H. Rowan Gaither Jr. advised the great men of his era. He helped found RAND, the original U.S. think tank. He headed the Ford Foundation and served on numerous presidential committees. Ultimately, President Dwight Eisenhower would tab him to chair an independent assessment of America’s national security needs.
For once, Ike got more than he asked for.
The Gaither report argued for an astronomical increase in defense spending to fight the Cold War. As if to underscore its recommendations, the Soviets launched Sputnik just weeks before Gaither delivered his report to the Oval Office.
After watching the Soviets win the “space race,” many Americans believed Moscow’s military power might soon overtake that of the United States.
Gaither’s report galvanized calls for checkbook warfare.
But Ike balked. “You can’t win a war by bankrupting yourself,” he said. Eisenhower understood that the art of great power strategy required balancing economic vitality with sound security.
Today’s White House would have Americans believe they are upholding Ike’s legacy. They are not.
This administration presents cuts in missile defense as providing “cost-effective and proven missile defense,” rather than calling them what they are: cuts. When it pulls back on commitments in Afghanistan, White House officials say they’re simply ensuring that we are “pursuing the right strategy,” rather than admit that they’re setting the stage for a cut-and-run. When they cancel the purchase of F-22 fighter aircraft, they claim they’re “not buying outdated Cold War weapons.” In reality, they’re just not buying the planes we need.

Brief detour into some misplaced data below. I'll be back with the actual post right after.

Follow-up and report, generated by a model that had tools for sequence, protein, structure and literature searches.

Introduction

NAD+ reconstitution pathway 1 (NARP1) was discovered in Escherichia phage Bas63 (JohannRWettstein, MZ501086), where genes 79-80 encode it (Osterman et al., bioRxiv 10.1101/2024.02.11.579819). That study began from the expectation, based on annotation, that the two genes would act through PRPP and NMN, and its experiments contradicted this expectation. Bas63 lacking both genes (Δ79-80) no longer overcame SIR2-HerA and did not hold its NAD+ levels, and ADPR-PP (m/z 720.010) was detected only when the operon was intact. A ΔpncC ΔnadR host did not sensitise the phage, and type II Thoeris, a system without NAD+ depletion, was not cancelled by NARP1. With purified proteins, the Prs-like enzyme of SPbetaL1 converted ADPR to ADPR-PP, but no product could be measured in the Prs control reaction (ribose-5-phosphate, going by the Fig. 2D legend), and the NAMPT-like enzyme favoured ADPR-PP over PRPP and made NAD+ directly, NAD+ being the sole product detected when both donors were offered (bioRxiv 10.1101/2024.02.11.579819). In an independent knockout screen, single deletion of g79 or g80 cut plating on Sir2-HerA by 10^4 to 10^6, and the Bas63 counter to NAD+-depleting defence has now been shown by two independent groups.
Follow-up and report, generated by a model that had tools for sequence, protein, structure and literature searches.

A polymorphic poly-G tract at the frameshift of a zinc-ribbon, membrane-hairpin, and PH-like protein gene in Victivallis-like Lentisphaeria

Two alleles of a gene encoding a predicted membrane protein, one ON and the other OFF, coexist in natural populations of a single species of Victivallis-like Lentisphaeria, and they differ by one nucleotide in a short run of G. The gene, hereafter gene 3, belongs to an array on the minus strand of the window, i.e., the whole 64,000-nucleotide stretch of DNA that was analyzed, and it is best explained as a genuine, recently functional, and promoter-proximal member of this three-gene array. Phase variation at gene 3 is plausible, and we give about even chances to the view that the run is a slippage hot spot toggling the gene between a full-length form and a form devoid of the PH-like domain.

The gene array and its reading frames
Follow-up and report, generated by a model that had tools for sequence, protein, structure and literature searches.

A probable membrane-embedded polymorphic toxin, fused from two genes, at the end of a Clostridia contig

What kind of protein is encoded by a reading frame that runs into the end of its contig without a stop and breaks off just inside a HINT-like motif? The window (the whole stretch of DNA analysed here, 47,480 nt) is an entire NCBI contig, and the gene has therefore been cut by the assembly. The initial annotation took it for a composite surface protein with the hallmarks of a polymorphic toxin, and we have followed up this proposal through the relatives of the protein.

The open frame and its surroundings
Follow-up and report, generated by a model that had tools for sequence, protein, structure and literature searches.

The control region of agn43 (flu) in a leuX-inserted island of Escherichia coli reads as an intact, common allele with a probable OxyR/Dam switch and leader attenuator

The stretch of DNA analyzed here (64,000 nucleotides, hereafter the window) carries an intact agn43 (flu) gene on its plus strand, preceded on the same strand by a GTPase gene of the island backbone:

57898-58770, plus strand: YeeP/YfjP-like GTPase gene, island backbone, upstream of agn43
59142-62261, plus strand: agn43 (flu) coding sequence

White House plans for the Pentagon seem driven not by the desire to spend smartly, but by the imperative to just spend less on defense — even though they seem quite content to spend hundreds of billions of dollars we don’t have on all kinds of “stimulus” projects like accordion festivals in San Antonio. So much for priorities.
The justification offered for cutting corners on defense is that we face tough economic times. Tough choices have to be made. But the White House is making all the wrong tough calls.
Cutting defense won’t keep Washington, D.C., from bankrupting the nation. The savage truth is that defense spending is far — very far — down the list of government spending priorities.
When Ike was in the White House, military spending was 50 percent of the federal budget. (No wonder he was reluctant to spend more.) Today, defense spending is less than one-fifth of the federal budget, and it’s going down.
National defense now ranks fourth in overall government spending priorities, falling behind the combined cost of Social Security and Medicare, public education and means-tested welfare aid. A recent report by Robert Rector of The Heritage Foundation shows how welfare spending has leapfrogged the Pentagon’s budget. In 10 years, he said, our state and federal governments will shell out $10.3 trillion on welfare programs (and that’s not counting the trillion-dollar-plus increase in federal health spending proposed in Congress).
Thirty-plus years into the war on poverty, some 40 million Americans are still mired in poverty. The Great Society model is obviously not getting the job done. The war on poverty has become a spending quagmire. Indeed, the White House calls for spending more on welfare in one year than President George W. Bush spent on the entire Iraq war.
The preamble of the Constitution stipulates that the federal government must provide for the common defense for a reason: It is job No. 1 for Washington, D.C.
Ike was right in asserting that sound fiscal policies are part of providing national security. But taking shortcuts on defense is not the answer. And pouring ever-increasing sums of money into ineffective public programs is not the greater good. Expanding domestic programs that consume the nation’s wealth at an unsustainable pace neither grows the economy nor keeps the homeland safe.
James Jay Carafano is a senior research fellow for national security at The Heritage Foundation (www.heritage.org).